Wills for Mums by Solicitor Rebecca Dawe

Death is a taboo subject, but the parents of young children cannot afford to bury their heads in the sand when it comes to something as important as making a Will. What if you died unexpectedly, leaving your children behind? One of the most crucial things that you can do to safeguard your family’s future is to take control of what would happen in this situation by making a Will.

What if I die without a Will?

Your estate will be distributed according to the laws of intestacy. This may not be what you would want. For example, if you are married, contrary to popular belief, all of your assets will not automatically pass to your spouse. If you are not married, your partner will have no automatic right to receive anything at all from your estate. Your children will automatically inherit their entitlement at age 18, whereas you may prefer to delay this until they are older and more mature.

What should my Will include?

It will record how you want your assets to be divided, whether your beneficiaries will receive the assets outright or in trust, and at what age they will inherit. You can appoint guardians, who will be responsible for taking care of your minor children if you and your spouse/partner were to die. (You should check that whoever you appoint is happy to take this on!). You will also appoint executors, who will be in charge of winding up your estate.

Other issues for mums

Unmarried mums

If you and your partner are not married and you want to provide for each other, it is essential that you make Wills, because he will have no automatic right to receive any of your assets on death. If you died, he would need to apply to court for an award from your estate, which is an expensive and uncertain process.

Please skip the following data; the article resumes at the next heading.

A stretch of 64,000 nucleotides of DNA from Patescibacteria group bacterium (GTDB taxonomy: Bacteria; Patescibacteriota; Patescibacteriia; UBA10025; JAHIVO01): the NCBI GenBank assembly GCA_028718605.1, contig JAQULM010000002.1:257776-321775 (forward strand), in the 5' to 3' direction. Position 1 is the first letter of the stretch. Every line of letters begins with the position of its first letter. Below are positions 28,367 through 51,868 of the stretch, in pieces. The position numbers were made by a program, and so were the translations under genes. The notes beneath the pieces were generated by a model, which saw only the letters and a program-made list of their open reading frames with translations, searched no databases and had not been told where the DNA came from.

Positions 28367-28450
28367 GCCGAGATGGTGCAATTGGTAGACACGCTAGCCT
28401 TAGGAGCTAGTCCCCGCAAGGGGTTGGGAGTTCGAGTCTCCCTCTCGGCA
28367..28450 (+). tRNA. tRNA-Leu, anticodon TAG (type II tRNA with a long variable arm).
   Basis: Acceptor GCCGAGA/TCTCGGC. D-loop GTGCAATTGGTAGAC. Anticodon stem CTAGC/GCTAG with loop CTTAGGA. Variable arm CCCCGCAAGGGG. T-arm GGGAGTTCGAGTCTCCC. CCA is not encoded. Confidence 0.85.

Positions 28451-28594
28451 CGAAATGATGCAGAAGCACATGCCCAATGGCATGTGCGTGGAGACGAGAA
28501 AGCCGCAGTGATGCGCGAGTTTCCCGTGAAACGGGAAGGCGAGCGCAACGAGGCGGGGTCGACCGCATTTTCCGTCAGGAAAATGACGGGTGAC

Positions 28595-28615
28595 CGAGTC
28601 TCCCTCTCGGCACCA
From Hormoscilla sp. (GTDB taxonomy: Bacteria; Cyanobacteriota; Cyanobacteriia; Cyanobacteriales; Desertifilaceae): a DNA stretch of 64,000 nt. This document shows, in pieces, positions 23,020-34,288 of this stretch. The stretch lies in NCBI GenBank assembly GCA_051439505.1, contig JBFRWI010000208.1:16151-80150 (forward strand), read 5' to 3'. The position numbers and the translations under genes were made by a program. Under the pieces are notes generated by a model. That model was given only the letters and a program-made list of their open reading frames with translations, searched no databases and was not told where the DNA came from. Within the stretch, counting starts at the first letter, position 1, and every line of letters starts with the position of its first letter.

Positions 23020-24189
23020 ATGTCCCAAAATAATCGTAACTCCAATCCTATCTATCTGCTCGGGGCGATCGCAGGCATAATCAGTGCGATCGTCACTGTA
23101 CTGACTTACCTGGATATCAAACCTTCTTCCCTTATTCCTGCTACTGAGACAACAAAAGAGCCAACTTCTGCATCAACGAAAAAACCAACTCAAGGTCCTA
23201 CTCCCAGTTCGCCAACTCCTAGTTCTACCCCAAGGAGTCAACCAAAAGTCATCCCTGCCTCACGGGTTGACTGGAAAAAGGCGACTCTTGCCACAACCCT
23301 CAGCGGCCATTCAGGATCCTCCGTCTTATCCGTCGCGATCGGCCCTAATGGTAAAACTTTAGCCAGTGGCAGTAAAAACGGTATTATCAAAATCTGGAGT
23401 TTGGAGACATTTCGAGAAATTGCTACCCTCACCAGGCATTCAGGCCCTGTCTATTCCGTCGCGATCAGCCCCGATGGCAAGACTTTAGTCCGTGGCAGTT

Married Mums

Marriage revokes a Will, so if you have got married since you last made a Will, you will need to make a new one as soon as possible. Many women are concerned that if they died, their husband would form a new relationship and their assets might end up passing to his new wife and second family. This problem can be prevented by using a trust in your Will giving your husband a right to use your assets for life, but ensuring that your capital is safeguarded for your children.

Separated Mums

If you and your husband have separated, your wishes about who should receive your assets on death are likely to have changed. Until you divorce (i.e. you receive your decree absolute), despite the fact that you are no longer together, your husband can still benefit either under your Will or on intestacy. It is very important for you to update your Will if you wish to prevent this.

Divorced Mums

Divorce does not revoke your Will, but it does automatically revoke any provision in it in favour of your ex-husband. Nonetheless, if you are now divorced, you should check that your Will still reflects your wishes.

Remarried Mums

Providing for two families is complicated. A trust can be used to ensure that a fair balance is maintained between your family members. With careful use of flexible trusts, you may also be able to make inheritance tax free provision for your children.

THE AUTHOR: Rebecca Dawe, Associate Solicitor, Collyer Bristow LLP offers a fixed-price Will writing service. We charge £1,000 – £1,400 + VAT to make a Will for one person, and £1,400 – £1,800 + VAT to make Wills for a couple, depending on complexity. If you would like to make a new Will, please contact Rebecca Dawe. Tel: 020 7468 7337 – Collyer Bristow LLP, 4 Bedford Row, London WC1R 4TF.

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